The set includes 4 rotors-2 front/2 Rear! Rotors can come in Silver finish or standard Black Zinc finish-leave a note at checkout. Free shipping on rotors here in the states-please call for across border shipping as we do ship internationally!!!!
In the racing world we are constantly trying to find the lightest, strongest, and smallest (yes I said smallest) brake rotor available---many theories and ideas have been tried to increase cooling/self cleaning/adding dimples/grooves/slots/holes/weight reduction/angled vanes and now even kangaroo paw's (I'm not joking!) to the rotors to increase braking efficiency. The basic idea is you want the lightest/strongest/smallest rotor available to get the job done---by reducing the rotor's size and weight the vehicle will benefit from increased performance off the corner, better pedal feel, increased life of hubs and wheel bearings and overall unsprung weight reduction.
However as performance/speeds increase the brakes start to retain heat/loose their effectiveness. We actually spend a fair amount of time at the track with pyrometers/temperature paint testing brake rotors/brake pad compounds trying to find the most effective combination. Often times in the Performance Touring type classes the larger brakes are not the answer and actually increase pedal effort, decrease feel/sensitivity, and lengthen overall stopping distances. In the more stock type racing classes we end up working with the stock dimension rotors and enhanced brake pad compounds/fluids (in addition to adequate brake cooling) to get the best results. We've found that on front wheel drive vehicles the front rotors are doing about 65% of the work (based on temperature tests/pad wear) and the manufactures have used a similar ratio as well---you'll find larger rotors/calipers in the front, smaller diameter rotors (and often solid)/calipers out back---common knowledge.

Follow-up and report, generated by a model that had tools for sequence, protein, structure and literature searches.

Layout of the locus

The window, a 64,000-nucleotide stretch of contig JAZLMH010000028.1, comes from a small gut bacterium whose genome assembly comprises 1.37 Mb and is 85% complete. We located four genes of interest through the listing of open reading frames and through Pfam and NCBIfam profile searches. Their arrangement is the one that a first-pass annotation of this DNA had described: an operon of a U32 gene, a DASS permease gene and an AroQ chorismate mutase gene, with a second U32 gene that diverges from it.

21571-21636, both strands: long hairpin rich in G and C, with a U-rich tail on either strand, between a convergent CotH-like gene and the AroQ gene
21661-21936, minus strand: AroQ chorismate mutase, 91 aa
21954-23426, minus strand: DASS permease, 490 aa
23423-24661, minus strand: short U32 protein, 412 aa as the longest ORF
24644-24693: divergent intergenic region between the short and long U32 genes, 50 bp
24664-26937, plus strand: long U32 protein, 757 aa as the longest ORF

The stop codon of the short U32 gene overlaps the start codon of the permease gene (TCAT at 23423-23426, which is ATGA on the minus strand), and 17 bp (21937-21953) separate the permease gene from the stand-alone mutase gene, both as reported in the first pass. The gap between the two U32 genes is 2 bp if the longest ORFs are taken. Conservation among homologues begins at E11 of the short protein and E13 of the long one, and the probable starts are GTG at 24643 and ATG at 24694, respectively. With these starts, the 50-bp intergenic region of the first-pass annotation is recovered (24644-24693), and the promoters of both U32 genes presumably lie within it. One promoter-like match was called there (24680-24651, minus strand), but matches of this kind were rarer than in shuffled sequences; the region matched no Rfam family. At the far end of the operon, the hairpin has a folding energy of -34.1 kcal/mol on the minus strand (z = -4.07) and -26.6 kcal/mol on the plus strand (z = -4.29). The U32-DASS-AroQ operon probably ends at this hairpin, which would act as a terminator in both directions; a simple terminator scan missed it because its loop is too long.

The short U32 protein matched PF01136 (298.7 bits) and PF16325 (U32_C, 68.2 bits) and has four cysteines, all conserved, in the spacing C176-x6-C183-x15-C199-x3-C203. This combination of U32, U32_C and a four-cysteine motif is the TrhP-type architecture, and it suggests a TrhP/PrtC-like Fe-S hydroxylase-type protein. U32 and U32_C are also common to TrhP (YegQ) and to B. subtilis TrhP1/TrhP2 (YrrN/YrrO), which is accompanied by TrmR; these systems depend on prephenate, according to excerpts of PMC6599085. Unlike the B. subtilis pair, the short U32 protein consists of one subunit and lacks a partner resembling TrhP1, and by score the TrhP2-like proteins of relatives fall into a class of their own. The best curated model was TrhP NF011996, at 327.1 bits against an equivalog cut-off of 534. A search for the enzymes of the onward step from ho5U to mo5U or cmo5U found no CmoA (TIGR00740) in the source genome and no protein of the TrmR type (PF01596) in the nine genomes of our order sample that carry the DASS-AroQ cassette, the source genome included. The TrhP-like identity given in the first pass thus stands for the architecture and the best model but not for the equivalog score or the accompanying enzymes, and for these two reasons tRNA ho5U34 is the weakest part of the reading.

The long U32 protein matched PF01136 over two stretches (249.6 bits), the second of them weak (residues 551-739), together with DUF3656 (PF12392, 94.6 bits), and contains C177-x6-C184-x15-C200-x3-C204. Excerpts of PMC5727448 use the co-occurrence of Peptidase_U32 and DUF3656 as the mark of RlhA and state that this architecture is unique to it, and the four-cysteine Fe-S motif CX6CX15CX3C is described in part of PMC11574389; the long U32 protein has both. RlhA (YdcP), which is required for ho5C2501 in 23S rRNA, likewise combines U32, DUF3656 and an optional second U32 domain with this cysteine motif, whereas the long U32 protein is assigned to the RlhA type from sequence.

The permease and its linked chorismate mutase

After driving the Veloster at the track I believe there is a lot of potential in the stock size brake components---and a lot of room for improvement/growth. With that said, I was driving the car at Willow Springs which is not particularly hard on the brakes, but I was during a few of the laps and experienced a bit of brake fade. Overall the cars fairly light and fairly well balanced for a fwd so working with the stock dimensions will yield good solid improvements.
First up would be the front rotors. The turbo got a larger front rotor right out of the box so good on Hyundai. We prefer slotted setup in the front to reduce warping and cracking. We've done mainly endurance roadracing over the last 10 years and have found that after many repetitive heat cycles the front rotors will develop cracks (during the 25 Hours of Thunderhill we had cracking after 13 hours and had to change fronts---and they we're cracked at the end of the event as well) while the slots will go 3 times as long (over 85 race ours before cracking). The rears are doing much less work so weight reduction is key---we've had rear crossdrilled rotors go years and never crack.
With all of this said your average streetcar/track day enthusiast will never have an issue with cracking and warping these rotors, in fact they have a lifetime warranty against both---lifetime warranty against cracking/warping!!! Here's a bit of info about the rotor's/design:
The advantage of the drilled and slotted brake rotors is the superior braking power you will experience over your stock brake system. Partially drilled dimpled holes dissipate heat without penetrating the brake pad surface and sacrificing brake disc strength. Fully extended curved scraper slots not only give you unbelievable stopping power but they also throw the dust away from your wheels keeping them cleaner. The brake rotor or disc is machined balanced and guaranteed to fit original equipment manufacturer specs without any brake modification.